Join host Dean Nelson as he welcomes three writers to this year’s Writer’s Symposium by the Sea. This annual event at Point Loma Nazarene University presents an evening of interviews conducted by symposium founder Dean Nelson, featuring lively conversations about the inspiration behind the authors’ works. Enjoy cutting edge creators, life stories, examples of great writing, and evocative conversation that will inspire the reader and writer alike.
An Evening with Tracy Kidder
Pulitzer Prize-winning author Tracy Kidder reveals his reporting strengths as he describes how he earned the trust of the people he has featured in books such as “Mountains Beyond Mountains,” “House,” “A Truck Full of Money,” “Old Friends,” and “Strength in What Remains.” Kidder shares the joys and doubts of a career in writing with veteran journalist and host Dean Nelson.
An Evening with Robert Pinsky
Former Poet Laureate Robert Pinsky describes himself as a “composer” who considers poetry to be first and foremost a vocal art, and his work seeks to blur the distinctions between language and music by emphasizing the rhythms and innate physicality of recited verse in a jazz context. In this performance, Pinsky’s reading is accompanied by a talented trio of PLNU students. The music – a blend of rehearsed and improvised – employs a variety of jazz styles, sometimes sympathetic and sometimes in playful counterpoint, but always responsive to the poet’s distinctive voice.
An Evening with Shauna Niequist
This far-reaching conversation with best-selling author Shauna Niequist offers an honest account of her journey of becoming and evolving as a writer. She shares her love of storytelling and her goal of living life to the fullest, and offers tips for aspiring writers. Niequist’s newest release is “Present Over Perfect: Leaving Behind Frantic For A Simpler, More Soulful Way Of Living.”
Browse past seasons of Writer’s Symposium by the Sea to watch interviews with Joyce Carol Oates, Anne Lamott, Billy Collins, Mary Karr, and more!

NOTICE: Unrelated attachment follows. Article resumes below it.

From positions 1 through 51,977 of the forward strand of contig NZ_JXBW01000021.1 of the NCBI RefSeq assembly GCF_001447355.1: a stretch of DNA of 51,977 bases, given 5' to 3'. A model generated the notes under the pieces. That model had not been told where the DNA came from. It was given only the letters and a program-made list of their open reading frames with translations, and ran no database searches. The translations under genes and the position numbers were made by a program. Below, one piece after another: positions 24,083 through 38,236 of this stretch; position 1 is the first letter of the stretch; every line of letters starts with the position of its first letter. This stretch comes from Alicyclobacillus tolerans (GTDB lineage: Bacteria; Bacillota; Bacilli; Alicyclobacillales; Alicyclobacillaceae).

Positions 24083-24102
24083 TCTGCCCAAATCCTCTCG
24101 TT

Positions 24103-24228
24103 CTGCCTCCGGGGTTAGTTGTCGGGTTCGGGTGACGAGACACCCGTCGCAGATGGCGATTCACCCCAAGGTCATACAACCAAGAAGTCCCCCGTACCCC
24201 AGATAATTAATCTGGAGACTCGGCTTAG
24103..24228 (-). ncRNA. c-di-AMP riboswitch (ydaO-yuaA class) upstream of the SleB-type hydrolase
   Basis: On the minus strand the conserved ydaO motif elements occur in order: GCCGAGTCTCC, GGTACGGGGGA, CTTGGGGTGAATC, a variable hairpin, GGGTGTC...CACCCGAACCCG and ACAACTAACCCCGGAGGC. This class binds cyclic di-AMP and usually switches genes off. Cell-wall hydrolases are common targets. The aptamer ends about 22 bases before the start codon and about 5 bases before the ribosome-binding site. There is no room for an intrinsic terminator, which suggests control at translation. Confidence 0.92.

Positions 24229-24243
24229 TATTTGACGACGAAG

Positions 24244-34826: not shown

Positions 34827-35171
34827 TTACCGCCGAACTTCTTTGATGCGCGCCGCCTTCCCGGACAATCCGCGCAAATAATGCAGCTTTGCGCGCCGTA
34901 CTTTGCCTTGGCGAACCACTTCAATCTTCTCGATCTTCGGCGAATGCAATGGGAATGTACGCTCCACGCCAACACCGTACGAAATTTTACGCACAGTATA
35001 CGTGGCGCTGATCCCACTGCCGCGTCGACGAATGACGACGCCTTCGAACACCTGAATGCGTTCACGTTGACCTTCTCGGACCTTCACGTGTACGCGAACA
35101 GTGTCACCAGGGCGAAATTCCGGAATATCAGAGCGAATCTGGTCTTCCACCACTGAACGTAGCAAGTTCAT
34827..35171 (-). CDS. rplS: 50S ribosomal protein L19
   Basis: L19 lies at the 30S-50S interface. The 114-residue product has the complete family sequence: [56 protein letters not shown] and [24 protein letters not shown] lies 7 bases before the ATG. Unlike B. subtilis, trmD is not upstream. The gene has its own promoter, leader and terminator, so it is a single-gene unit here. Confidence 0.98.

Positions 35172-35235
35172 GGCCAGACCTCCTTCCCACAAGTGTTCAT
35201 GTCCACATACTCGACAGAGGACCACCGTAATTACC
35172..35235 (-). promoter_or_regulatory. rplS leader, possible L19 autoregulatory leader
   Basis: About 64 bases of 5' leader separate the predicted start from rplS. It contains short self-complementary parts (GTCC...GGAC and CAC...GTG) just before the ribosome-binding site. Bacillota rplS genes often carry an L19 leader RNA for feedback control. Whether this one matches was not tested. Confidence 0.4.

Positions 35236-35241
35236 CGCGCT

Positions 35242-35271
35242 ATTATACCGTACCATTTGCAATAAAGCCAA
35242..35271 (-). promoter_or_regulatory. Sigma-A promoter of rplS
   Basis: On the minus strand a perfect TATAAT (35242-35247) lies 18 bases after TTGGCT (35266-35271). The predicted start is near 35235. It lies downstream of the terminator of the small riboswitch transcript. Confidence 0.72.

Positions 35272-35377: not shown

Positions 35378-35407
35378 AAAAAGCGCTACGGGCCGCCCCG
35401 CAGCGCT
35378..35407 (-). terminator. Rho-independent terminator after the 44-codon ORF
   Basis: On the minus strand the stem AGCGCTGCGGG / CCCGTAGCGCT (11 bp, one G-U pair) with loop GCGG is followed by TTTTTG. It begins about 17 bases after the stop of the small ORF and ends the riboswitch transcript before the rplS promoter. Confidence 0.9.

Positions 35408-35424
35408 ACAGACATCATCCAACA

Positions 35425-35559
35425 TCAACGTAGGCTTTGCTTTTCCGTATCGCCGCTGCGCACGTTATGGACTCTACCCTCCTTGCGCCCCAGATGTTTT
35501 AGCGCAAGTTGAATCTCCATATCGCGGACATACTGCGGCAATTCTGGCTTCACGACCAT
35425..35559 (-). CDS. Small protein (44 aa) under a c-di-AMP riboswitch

If you are someone that enjoys going behind the scenes with filmmakers, directors, screenwriters and others involved in the film industry, check out the amazing line-up from the Carsey-Wolf Center at UC Santa Barbara.
From the blockbuster to the independent film, you will be treated to fascinating stories and insights into the process of making films from those actually doing it.
Carl Gottlieb – Jaws
Don Hertzfeldt – Two time Oscar-nominated independent filmmaker
Sherief Elkatsha – Cairo Drive
Michael Miner – Robocop
Josh Singer – Spotlight
Iva Radivojevic – Evaporating Borders
and coming soon:
David Gerrold – Star Trek: The Trouble with Tribbles
Browse Carsey-Wolf Center’s Script to Screen to find the writers of your favorite movies.
Join host Dean Nelson for the 21st Annual Writer’s Symposium, a witty and informative interview-based experience where the audience gets to eavesdrop on conversations between authors about the art and angst of writing. Three new programs are sure to inspire!
Author, spoken word artist, poet, essayist, professor, Nikki Giovanni has been electrifying audiences for more than 40 years, earning her one of Oprah Winfrey’s Living Legends distinctions. In this fun and insightful interview, Giovanni reads some of her work and talks about her relationships with Toni (Morrison), Miss (Rosa) Parks, Maya (Angelou), and others. Find out why she has a bone to pick with Obama and hear the story behind her tattoo. She also reveals that she loves to inform readers with her poetry, and that she’s a real “space freak”!